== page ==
United States District Court, N.D. California
TAPGERINE, LLC, a Nevada limited liability company, and TAPMEDIA, LLC, a Ukraine limited liability company; Plaintiffs,
50MANGO, INC., a Delaware corporation, and DOES 1-10; Defendants.
ORDER GRANTING MOTION FOR SANCTIONS
WILLIAM ALSUP UNITED STATES DISTRICT JUDGE
voluntary dismissal of this trade secret misappropriation
action, defendant moves for an award of attorney's fees.
For the reasons stated below, the motion is
a dispute between plaintiffs Tapgerine, LLC, and TapMedia,
LLC, and defendant 50Mango, Inc. TapMedia is a Ukraine
limited liability company with its principal place of
business in Ukraine. Tapgerine is a Nevada limited liability
company with its principal place of business allegedly in Las
Vegas, and an office in Ukraine. Defendant 50Mango, Inc., is
a Delaware corporation with its virtual principal place of
business in Redwood City, California, and its only physical
office in Ukraine.
November 8, 2016, plaintiffs commenced this civil action here
in the district court in San Francisco, alleging
misappropriation of trade secrets by 50Mango (Dkt. No. 1).
Defendant moved to dismiss for failure to state a claim and
based on forum non conveniens (Dkt. No. 17). In opposition to
the motion to dismiss for forum non conveniens, plaintiffs
asserted that all the sources of proof in this case were
located in the United States and that Ukraine was too
war-torn and unstable to provide an adequate remedy (Dkt. No.
21 at 8). In preparation for the hearing, scheduled for March
23, 2017, and to illuminate the actual extent to which the
Ukrainian parties had any presence here in the United States,
the Court sent out an order for supplemental evidence to be
submitted by March, 16, 2017 (Dkt. No. 29). The purpose of
this request was to corroborate the actual extent of any real
presence in the United States of the parties, as claimed by
of providing the Court with photographic evidence of their
presence here in the United States, plaintiffs voluntarily
dismissed the action 21 days after the request was made (Dkt.
No. 34). 50Mango then brought this motion for attorney's
fees (Dkt. No. 37). Shortly after, 50Mango filed an
administrative motion to continue the hearing on its motion
in an attempt to remedy its failure to meet and confer in
compliance with Local Rule 54-5 before making a motion for
award of attorney's fees (Dkt. No. 39). The Court denied
the administrative motion but reserved ruling on the real
issue teed up by this dispute - whether 50Mango's failure
to comply with our local rules warrants denial of its motion
to attorney's fees - pending consideration of the motion
on its merits (Dkt. No. 43). This order follows full briefing
and oral argument.
Plaintiffs' Bad Faith.
sides in this dispute are Ukraine businesses, although they
each have tiny presences here in the United States. 50Mango
contends that plaintiffs acted in bad faith when choosing the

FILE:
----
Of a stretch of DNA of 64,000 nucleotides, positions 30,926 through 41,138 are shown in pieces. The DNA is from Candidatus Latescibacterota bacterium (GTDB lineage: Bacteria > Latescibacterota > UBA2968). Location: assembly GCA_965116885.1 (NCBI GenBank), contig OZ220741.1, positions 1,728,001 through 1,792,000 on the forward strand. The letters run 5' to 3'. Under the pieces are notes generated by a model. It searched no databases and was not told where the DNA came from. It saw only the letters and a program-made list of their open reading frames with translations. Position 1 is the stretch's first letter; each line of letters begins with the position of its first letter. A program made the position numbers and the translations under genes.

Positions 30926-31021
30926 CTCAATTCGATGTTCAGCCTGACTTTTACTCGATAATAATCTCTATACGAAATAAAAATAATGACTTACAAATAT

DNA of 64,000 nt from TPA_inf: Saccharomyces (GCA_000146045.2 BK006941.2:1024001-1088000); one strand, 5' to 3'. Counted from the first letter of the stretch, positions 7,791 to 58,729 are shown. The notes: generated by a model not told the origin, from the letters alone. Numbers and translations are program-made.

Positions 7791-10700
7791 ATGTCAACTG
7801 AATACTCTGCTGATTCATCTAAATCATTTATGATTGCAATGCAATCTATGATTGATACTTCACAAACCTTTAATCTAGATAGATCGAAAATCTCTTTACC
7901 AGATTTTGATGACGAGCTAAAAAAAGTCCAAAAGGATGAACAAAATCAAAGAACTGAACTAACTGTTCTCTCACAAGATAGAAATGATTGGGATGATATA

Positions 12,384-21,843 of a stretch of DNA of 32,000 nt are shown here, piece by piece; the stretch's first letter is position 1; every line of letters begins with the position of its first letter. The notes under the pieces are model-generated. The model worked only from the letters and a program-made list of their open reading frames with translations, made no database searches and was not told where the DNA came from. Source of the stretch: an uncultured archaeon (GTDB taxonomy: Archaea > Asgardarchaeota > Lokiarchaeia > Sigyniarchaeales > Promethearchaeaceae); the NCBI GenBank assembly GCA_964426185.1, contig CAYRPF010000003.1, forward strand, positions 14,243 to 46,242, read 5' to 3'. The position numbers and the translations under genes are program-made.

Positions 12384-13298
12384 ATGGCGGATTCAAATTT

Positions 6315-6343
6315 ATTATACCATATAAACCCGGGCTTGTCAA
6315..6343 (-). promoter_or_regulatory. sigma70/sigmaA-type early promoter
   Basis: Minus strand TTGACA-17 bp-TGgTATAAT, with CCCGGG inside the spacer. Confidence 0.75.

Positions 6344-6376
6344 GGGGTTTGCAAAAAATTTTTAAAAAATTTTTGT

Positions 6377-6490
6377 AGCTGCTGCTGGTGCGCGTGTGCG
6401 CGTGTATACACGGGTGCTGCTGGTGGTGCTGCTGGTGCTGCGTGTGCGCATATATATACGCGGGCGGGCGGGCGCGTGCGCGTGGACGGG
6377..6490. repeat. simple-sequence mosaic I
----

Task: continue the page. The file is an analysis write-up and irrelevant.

present forum and that the only basis for plaintiffs'
choice was to force 50Mango to endure the expense and
inconvenience of litigating in the United States, rather than
in the actual situs of the parties and events - Ukraine.
its inherent power, federal court's can levy sanctions,
including attorney's fees, for bad faith. See Roadway
Exp., Inc. v. Piper, 447 U.S. 752, 766-67 (2001);
Chambers v. NASCO, Inc., 501 U.S. 32, 46
(1991). “Bad faith” encompasses a wide range of
willful conduct, including “recklessness when combined
with an additional factor such as frivolousness, harassment,
or an improper purpose.” Fink v. Gomez, 239
F.3d 989, 994 (9th Cir. 2001). Whether to impose inherent
power sanctions is “a determination that rests in the
sound discretion of the district court.” Ibid.
delving into the underlying arguments of the parties, this
order will address Tapgerine's transparent attempt to
distance itself from its purely Ukrainian co-plaintiff
TapMedia for the purposes of this motion. Tapgerine - for the
first time in this action - contends that “it is
Tapgerine and not TapMedia that has primarily suffered from
50Mango's actions” (Dkt. No. 42-1 ¶ 10).
Ironically, plaintiffs' complaint tells a different
story. According to the complaint, 50Mango's principals
were former employees of TapMedia, and furthermore, it was
TapMedia's clients and proprietary software source code
50Mango allegedly attempted to misappropriate (Compl.
¶¶ 11-17). This order therefore will evaluate
plaintiffs' bad faith in filing their complaint here in
light of 50Mango's alleged conduct towards both Tapgerine
as well as TapMedia.
argues that even though plaintiffs were aware, prior to
filing this suit, that all of the relevant people, documents,
and other evidence were located in Ukraine, plaintiffs chose
to proceed here. Moreover, 50Mango contends that, once
challenged, “plaintiffs misled their counsel into
believing 50Mango's server and relevant witnesses were
located in the United States, in a belated attempt to justify
their suit” (Dkt. No. 37 at 4).
counter that at the time of filing, they were completely
unaware of 50Mango's presence in Ukraine since all of
their information about 50Mango came from 50Mango's
website. Plaintiffs further assert that as soon as they
received information that the key ...